Has Tartine Bread turned into a culinary movement?

 Rye bread

It's fair to say that country-style breads, enriched with whole grains, are a hot trend in bread baking. Today you can walk into almost any US grocery store and find a "craggy-edged bread with a custardy crumb tinged the color of a plank of walnut by the presence of whole-wheat flour." According to the San Francisco Chronicle, this trend is no less than a culinary movement and can be traced to Chad Robertson of SF's Tartine Bakery.

The story offers anecdotes from several up-and-coming bakers who say they were inspired by Robertson and his books, 2010's Tartine Bread and 2013's Tartine Book No. 3. The latter book came out "just as interest was spiking in local heirloom wheats and ancient grains, many of which lack the right gluten to produce high and delicate-crumbed breads on their own. Tartine Book No. 3 suggested ways of folding in grain porridges, or blending small amounts of alternate flours, to capture their flavor without sacrificing texture."

But is it fair to credit Robertson for this movement toward high-hydration, low-knead breads with long fermentation times? After all, many other cookbooks in the same vein predated his books, as wonderful as they are. For example, Artisan Bread in Five Minutes a Day by Jeff Hertzberg and Zoë François was released in 2007. Two years after that, Jim Lahey published My Bread: The Revolutionary No-Work, No-Knead Method and baking veteran Peter Reinhart released Peter Reinhart's Artisan Breads Every Day. (I would be remiss not to include Reinhart's 2001 opus The Bread Baker's Apprentice in a list of influential baking books.) Nancy Silverton came out with her groundbreaking book Nancy Silverton's Breads from the La Brea Bakery in 1996. This short list just scratches the surface of the many respected books in the genre.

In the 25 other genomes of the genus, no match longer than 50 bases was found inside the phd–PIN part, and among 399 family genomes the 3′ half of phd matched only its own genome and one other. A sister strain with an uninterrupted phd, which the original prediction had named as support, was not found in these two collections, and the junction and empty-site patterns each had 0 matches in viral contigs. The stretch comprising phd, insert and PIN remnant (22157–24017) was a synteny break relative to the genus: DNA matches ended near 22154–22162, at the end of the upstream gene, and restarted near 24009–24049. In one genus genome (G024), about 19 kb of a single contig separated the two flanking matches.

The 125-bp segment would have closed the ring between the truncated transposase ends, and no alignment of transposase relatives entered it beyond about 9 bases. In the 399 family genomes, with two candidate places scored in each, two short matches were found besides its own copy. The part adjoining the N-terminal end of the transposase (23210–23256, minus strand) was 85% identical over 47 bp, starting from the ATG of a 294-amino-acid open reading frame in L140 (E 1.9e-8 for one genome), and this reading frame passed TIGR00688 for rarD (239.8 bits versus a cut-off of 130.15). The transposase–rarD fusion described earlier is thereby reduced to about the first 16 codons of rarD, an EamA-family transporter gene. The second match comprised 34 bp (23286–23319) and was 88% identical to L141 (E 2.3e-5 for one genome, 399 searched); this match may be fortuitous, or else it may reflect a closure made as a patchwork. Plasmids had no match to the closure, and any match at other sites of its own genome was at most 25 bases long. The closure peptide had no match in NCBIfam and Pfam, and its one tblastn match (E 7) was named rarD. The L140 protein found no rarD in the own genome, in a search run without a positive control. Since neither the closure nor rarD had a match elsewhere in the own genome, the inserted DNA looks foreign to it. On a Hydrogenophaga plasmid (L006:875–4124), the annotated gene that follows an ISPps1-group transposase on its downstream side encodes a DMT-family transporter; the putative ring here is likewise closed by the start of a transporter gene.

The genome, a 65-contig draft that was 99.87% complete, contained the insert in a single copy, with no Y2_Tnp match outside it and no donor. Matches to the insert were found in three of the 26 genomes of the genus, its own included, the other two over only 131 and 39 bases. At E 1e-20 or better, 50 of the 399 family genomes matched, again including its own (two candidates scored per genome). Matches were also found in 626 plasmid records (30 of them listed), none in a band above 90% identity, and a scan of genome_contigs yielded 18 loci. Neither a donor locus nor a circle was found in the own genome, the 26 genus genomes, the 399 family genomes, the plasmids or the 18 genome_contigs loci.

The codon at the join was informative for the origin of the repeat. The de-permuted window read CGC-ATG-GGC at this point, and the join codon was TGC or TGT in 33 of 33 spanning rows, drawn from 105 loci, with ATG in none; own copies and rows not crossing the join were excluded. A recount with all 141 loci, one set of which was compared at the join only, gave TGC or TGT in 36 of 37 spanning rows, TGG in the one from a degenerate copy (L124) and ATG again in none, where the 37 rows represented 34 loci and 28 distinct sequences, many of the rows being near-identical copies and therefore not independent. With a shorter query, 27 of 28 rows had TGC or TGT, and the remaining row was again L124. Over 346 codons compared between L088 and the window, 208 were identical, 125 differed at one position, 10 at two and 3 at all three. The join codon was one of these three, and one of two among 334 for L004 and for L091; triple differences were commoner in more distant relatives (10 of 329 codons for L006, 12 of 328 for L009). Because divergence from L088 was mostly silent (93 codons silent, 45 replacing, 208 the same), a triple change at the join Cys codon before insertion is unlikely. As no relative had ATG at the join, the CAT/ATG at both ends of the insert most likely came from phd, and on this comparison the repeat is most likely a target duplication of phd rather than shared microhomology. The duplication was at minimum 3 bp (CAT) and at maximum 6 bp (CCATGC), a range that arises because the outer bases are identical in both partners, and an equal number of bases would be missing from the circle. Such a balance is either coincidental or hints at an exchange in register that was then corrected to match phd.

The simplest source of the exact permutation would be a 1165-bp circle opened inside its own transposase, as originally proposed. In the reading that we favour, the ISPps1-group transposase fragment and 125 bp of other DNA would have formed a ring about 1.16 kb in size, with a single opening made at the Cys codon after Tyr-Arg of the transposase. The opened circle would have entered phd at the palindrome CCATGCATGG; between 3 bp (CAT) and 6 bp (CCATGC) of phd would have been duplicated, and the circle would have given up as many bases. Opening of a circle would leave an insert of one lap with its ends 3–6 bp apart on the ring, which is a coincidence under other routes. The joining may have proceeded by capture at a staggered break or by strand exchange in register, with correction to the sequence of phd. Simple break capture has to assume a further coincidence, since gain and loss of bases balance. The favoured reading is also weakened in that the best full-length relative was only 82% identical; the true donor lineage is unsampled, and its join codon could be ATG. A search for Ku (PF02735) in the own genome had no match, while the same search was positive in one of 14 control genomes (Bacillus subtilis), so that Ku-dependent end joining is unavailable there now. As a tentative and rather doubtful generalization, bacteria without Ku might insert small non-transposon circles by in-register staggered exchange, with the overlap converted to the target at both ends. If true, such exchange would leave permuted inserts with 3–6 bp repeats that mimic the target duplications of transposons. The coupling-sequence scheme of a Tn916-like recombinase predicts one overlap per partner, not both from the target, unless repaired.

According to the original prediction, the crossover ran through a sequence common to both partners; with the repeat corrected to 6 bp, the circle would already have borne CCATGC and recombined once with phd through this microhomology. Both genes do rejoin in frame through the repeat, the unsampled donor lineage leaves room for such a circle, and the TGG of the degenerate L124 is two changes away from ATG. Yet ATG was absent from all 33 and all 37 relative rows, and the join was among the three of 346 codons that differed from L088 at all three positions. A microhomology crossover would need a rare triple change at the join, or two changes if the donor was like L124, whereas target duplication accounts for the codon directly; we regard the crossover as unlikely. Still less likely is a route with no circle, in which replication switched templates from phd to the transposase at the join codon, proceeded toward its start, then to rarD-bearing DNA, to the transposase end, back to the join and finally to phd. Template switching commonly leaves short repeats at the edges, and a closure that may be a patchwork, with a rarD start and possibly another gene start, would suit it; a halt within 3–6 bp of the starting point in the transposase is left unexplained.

Perhaps we can forgive the Chronicle for a bit of home-town pride, and Robertson's focus on incorporating ancient grains does set his more recent work apart. But he builds on a long tradition that should not be overlooked. As Peter Reinhart told the newspaper, there are no real secrets in the baking world. "It's more about execution than it is about formula," he said.

Photo of René's rye from Tartine Book No. 3 by  Chad Robertson

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